Beneath the Sky – In Loving Memory


Album

In Loving Memory

Label

Victory Records

Year

2010

For Fans Of

Suicide Silence – Emmure – Killswitch Engage

Summary

Filling in the middle ground

Rating

68 / 100

In their prime (the word ‘prime’ used in very loose terms), Beneath the Sky were thereabouts or around the mark. They were far from the worst band trying their hand at a heavy style but they were equally a long way off being considered a top musical act. Returning after a disbandment, hiatus or just an extended break (not sure what the official title/reason was) Beneath the Sky deliver an effort that once again is just that – around the mark.

‘In Loving Memory’ follows a tried and true approach. One could argue the band have been quiet achievers up until now. An initial observation suggests that this third studio album is at pains to arrest this notion. There might not be an overwhelming substance here but the release certainly has a loud resonance that demands attention.

To put this album into a relatable context, we can describe Beneath the Sky’s sound as a composite of Suicide Silence’s screeching growls and downtrodden riffs, with the breakdown fetish of an Emmure coupled with the melodic hooks of Killswitch Engage. You would not call ‘In Loving Memory’ safe but it still has a strong degree of predictability to it.

‘Sorry I’m Lost’ and ‘Tears, Bones and Desire’ are heavy, raw and topped off by melodic chorus sections. While, ‘Terror Starts at Home’ sounds like a Suicide Silence b-side. The album’s title track is probably the finest point of the release, neatly positioned in the middle. Other notable tracks include ‘To Die For’.

Like most albums coming out at the moment, in isolation, there is nothing obviously wrong with ‘In Loving Memory’. The problem though, is while this ten-track offering is solid, and at times rather entertaining it still suffers from an inferiority complex. There are a number of other releases floating around that perfect this sound more effectively. Essentially, it is like having the choice between the NBA and NBL. The latter local product might have its quiet charm and subtly but for the best, most polished and enjoyable option you go for the premier choice.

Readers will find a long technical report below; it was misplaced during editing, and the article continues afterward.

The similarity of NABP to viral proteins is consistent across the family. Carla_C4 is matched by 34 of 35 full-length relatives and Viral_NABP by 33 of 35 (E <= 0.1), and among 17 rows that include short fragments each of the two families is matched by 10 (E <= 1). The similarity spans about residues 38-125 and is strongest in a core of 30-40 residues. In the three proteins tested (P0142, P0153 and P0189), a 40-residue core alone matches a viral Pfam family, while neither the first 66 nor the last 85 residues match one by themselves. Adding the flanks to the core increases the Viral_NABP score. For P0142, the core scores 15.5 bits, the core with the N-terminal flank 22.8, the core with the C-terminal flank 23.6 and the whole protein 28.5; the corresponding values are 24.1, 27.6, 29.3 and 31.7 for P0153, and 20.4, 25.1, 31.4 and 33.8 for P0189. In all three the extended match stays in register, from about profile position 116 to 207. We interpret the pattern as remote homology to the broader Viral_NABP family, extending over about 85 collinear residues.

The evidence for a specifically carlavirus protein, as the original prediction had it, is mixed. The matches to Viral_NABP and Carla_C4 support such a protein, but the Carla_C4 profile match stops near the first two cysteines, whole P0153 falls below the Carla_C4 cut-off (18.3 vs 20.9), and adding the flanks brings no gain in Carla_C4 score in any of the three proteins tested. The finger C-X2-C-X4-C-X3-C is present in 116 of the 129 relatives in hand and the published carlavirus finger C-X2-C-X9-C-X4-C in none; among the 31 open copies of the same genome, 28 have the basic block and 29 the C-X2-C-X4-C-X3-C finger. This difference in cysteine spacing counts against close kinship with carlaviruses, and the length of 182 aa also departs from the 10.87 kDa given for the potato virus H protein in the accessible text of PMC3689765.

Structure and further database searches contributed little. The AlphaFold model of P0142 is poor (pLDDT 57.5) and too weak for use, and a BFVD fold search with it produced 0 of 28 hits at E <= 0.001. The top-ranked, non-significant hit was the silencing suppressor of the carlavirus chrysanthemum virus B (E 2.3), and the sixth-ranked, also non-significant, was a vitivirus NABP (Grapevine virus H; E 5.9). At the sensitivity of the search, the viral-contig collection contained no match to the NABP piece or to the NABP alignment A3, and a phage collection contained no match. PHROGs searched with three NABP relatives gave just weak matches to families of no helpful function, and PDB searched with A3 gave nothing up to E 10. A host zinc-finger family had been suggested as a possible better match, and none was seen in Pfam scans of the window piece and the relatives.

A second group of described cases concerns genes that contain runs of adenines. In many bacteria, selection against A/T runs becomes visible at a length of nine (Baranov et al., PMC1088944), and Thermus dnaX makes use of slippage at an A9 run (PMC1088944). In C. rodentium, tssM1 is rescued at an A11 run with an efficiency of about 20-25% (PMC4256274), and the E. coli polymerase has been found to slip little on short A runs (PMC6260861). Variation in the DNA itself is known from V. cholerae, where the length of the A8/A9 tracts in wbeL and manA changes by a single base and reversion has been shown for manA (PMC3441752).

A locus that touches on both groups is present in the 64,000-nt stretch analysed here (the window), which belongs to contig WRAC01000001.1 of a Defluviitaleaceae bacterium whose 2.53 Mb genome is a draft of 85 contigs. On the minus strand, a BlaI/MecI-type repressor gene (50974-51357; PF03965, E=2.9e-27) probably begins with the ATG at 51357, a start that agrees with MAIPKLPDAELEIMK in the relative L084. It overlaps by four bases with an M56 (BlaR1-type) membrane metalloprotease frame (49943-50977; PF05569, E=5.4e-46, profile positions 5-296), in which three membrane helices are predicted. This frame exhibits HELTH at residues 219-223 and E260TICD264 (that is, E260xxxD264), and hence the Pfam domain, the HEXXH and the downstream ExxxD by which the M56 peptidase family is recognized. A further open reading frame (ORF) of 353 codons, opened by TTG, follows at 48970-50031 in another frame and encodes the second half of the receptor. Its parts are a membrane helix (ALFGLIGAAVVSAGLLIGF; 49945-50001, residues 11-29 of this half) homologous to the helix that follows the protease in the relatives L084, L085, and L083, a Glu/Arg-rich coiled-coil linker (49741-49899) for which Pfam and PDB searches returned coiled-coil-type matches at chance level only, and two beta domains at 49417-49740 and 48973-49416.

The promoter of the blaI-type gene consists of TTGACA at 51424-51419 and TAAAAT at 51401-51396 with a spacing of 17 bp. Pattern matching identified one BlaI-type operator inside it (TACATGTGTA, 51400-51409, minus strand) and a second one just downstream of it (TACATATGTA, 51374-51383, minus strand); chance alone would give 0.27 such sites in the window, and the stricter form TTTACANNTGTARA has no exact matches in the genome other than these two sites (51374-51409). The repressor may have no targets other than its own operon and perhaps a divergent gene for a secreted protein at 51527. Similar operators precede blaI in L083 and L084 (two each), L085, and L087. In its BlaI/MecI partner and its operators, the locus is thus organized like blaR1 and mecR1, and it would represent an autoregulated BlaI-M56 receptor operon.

Big ticks are afforded to Beneath the Sky for toughing it out with record label issues in the past. The Ohio quintet deserves praise for the endeavour and effort shown on ‘In Loving Memory’, as it is perhaps their finest work yet. However, there is still much work to be done and subsequent ground to make up…

Conclusion

‘In Loving Memory’ will offer some thrills but will not have much more of a lasting impact. Something tells me this album and its songs will go down a treat in a live setting – metalheads will have plenty of opportunity to get the pit moving with the abundance of breakdowns present throughout. However, we cannot capture this charm and intensity through merely listening to the album on the stereo.

Tracklisting

1. The Opening
2. Sorry, I’m Lost
3. Tears, Bones, and Desire
4. Terror Starts At Home
5. A Tale from the Northside
6. In Loving Memory
7. To Die For
8. Blood and Separation
9. Static
10. Embrace

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